ANCHORAGE, Alaska (AP) — The state of Alaska has extended a deadline for families to enroll in a new federal program providing up to $458 per eligible child to help pay for groceries.
Alaska Public Media reported Tuesday that families have until the end of September to enroll for benefits available through the pandemic-EBT program.
The U.S. Department of Agriculture describes the program as a supplemental food purchasing benefit to current participants in the Supplemental Nutrition Assistance Program, previously known as food stamps, and as a benefit to other eligible households that is intended to offset the cost of meals that children would otherwise have eaten at school.
The state estimates about 44,000 Alaska children qualify for the program, said Shawnda O’Brien, director of the state Division of Public Assistance.
A troubled start left some residents unaware the funds were available.
“It was becoming apparent that many people in communities around Alaska had not received the notice yet,” O’Brien said. “The right thing to do was to extend the deadline.”
The Food Bank of Alaska has established an electronic form and text message and call-in services to assist with enrollment.
Various technical issues and delays plagued the launch of the program in Alaska.
The public assistance division was forced to wait for data from the state education department this summer, and then a computer system crashed, O’Brien said.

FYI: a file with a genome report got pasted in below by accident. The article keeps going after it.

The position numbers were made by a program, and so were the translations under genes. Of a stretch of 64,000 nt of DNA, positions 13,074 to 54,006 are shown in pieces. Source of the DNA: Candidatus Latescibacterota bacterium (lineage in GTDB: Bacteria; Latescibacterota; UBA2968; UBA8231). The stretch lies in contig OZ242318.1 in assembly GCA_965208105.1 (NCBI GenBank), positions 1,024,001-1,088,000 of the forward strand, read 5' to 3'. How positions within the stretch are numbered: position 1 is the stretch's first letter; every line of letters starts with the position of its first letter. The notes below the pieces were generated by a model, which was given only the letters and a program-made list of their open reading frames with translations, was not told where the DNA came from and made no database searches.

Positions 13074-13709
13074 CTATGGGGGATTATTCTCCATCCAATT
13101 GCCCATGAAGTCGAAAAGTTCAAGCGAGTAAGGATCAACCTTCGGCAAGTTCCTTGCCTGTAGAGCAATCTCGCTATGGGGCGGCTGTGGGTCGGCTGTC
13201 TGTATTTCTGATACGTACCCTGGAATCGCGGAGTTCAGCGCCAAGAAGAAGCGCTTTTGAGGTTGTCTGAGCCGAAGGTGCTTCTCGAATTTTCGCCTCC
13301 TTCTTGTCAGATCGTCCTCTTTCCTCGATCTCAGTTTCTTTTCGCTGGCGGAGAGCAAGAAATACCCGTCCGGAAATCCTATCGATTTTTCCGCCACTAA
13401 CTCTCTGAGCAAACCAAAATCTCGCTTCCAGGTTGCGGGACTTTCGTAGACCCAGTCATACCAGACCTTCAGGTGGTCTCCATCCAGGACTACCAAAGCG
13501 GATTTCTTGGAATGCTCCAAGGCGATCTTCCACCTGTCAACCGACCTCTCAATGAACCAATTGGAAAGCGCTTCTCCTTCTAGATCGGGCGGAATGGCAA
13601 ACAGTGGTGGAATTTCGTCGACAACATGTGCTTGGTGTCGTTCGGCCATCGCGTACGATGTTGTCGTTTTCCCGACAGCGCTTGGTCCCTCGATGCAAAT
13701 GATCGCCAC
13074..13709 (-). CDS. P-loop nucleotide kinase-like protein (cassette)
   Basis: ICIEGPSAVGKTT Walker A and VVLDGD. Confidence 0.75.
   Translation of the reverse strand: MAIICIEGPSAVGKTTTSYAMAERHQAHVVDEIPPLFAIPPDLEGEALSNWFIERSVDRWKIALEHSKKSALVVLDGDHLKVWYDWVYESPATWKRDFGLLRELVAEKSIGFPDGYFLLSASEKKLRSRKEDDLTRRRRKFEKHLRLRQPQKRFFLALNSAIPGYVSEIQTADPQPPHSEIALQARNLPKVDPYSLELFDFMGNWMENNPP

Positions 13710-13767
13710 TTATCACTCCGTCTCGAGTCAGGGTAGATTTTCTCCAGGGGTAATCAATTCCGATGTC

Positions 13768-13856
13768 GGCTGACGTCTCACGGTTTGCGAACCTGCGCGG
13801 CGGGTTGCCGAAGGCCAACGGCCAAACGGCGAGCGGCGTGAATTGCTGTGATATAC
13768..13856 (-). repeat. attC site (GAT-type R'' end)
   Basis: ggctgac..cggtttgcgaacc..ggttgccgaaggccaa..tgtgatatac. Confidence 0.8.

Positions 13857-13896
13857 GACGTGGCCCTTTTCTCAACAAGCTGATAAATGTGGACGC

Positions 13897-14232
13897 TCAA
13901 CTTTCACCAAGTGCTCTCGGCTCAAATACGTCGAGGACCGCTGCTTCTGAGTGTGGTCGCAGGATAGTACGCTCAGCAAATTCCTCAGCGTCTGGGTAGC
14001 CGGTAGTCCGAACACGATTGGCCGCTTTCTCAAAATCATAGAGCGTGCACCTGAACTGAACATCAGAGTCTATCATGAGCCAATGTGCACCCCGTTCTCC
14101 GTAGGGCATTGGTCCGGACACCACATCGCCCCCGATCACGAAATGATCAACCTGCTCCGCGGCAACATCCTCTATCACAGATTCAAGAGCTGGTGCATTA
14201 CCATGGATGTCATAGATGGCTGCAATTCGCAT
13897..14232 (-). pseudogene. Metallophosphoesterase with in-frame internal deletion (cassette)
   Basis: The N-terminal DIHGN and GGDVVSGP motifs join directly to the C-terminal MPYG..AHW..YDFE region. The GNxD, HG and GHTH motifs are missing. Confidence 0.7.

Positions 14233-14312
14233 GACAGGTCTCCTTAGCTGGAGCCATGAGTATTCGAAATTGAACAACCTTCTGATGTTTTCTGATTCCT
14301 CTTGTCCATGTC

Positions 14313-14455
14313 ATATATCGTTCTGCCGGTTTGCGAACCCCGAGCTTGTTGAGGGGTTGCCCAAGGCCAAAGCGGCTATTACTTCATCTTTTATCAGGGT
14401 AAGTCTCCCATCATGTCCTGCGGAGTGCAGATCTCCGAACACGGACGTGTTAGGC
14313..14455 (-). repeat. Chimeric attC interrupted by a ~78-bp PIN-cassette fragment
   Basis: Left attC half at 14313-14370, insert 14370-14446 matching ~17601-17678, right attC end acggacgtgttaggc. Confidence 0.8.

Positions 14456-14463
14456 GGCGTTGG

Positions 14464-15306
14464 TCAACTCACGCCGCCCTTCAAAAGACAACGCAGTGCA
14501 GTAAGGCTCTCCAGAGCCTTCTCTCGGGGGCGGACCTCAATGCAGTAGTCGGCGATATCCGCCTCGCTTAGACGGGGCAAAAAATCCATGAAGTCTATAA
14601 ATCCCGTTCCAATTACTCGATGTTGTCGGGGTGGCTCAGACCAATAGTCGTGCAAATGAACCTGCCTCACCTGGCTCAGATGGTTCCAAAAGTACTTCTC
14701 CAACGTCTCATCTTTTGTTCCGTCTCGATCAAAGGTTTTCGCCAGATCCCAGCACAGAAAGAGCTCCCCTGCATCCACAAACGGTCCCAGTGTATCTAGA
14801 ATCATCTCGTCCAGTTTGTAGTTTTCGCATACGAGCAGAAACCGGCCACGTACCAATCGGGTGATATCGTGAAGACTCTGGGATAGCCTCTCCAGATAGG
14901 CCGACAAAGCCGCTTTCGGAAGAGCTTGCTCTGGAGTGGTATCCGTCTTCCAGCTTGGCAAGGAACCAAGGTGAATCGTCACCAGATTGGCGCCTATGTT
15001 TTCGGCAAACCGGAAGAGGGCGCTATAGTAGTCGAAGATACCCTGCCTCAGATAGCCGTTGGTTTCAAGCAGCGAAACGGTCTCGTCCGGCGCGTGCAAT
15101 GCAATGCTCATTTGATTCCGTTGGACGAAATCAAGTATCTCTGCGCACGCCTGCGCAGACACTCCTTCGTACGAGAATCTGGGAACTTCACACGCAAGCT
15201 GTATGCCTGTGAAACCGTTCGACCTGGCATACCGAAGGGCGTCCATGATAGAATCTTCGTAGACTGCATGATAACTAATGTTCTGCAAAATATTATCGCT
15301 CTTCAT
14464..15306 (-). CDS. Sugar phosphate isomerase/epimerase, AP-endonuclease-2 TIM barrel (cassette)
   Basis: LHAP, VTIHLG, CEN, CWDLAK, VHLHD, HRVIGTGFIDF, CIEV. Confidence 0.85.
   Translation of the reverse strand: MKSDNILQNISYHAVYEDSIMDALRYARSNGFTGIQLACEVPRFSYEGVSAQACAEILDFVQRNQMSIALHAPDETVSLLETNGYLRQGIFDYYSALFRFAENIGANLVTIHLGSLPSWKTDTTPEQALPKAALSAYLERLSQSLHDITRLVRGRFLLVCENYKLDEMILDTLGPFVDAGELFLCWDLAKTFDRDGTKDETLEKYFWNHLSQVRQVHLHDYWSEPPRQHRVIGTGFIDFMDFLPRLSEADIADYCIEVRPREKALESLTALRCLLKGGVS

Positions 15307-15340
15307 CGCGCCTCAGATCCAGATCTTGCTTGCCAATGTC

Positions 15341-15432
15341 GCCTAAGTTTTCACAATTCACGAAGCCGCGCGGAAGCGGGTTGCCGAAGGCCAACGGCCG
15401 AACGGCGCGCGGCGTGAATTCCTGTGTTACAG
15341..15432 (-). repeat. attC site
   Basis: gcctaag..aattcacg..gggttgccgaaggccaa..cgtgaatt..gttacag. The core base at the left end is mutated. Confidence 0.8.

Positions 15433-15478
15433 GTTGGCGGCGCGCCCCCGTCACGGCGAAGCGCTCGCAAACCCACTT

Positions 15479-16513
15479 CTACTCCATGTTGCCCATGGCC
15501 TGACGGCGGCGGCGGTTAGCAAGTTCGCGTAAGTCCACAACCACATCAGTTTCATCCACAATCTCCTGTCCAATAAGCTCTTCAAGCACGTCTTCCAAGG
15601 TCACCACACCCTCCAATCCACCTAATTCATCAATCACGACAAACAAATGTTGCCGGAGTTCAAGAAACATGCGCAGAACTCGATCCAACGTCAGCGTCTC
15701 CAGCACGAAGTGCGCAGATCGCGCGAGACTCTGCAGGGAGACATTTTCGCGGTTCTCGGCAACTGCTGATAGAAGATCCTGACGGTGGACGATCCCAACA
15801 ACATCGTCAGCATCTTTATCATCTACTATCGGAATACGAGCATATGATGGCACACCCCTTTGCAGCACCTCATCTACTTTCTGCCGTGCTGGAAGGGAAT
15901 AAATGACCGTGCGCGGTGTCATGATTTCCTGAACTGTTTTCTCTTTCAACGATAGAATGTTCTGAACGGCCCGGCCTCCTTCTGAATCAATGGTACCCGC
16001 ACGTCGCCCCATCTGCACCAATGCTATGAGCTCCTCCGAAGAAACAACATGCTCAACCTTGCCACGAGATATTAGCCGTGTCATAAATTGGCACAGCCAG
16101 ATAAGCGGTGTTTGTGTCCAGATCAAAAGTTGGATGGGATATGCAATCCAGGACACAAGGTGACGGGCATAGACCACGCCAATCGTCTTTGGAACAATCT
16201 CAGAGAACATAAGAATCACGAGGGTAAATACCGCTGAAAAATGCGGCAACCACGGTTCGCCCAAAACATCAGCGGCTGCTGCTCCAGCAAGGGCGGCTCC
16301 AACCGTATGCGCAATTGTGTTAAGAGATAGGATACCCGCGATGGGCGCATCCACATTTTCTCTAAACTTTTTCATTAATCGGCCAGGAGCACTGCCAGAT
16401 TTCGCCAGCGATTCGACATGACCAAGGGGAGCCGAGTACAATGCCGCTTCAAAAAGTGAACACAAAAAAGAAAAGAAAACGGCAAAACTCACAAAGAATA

The division did not have the technology resources to launch an online portal for the program and subsequently mailed a paper form to about 31,000 Alaskans, who were required to return them by mail.
Some people mistakenly believed the paperwork was a scam, while many of those who returned the forms experienced postal delays.
“I think all of us have experienced that mail delay issue, whether you’re in Juneau or Anchorage or anywhere else in the state,” O’Brien said. “It’s considerably more challenging the further away you are from main hubs.”
For most people, the new coronavirus causes mild or moderate symptoms, such as fever and cough that clear up in two to three weeks. For some — especially older adults and people with existing health problems — it can cause more severe illness, including pneumonia, and death.
The number of infections is thought to be far higher because many people have not been tested, and studies suggest people can be infected with the virus without feeling sick.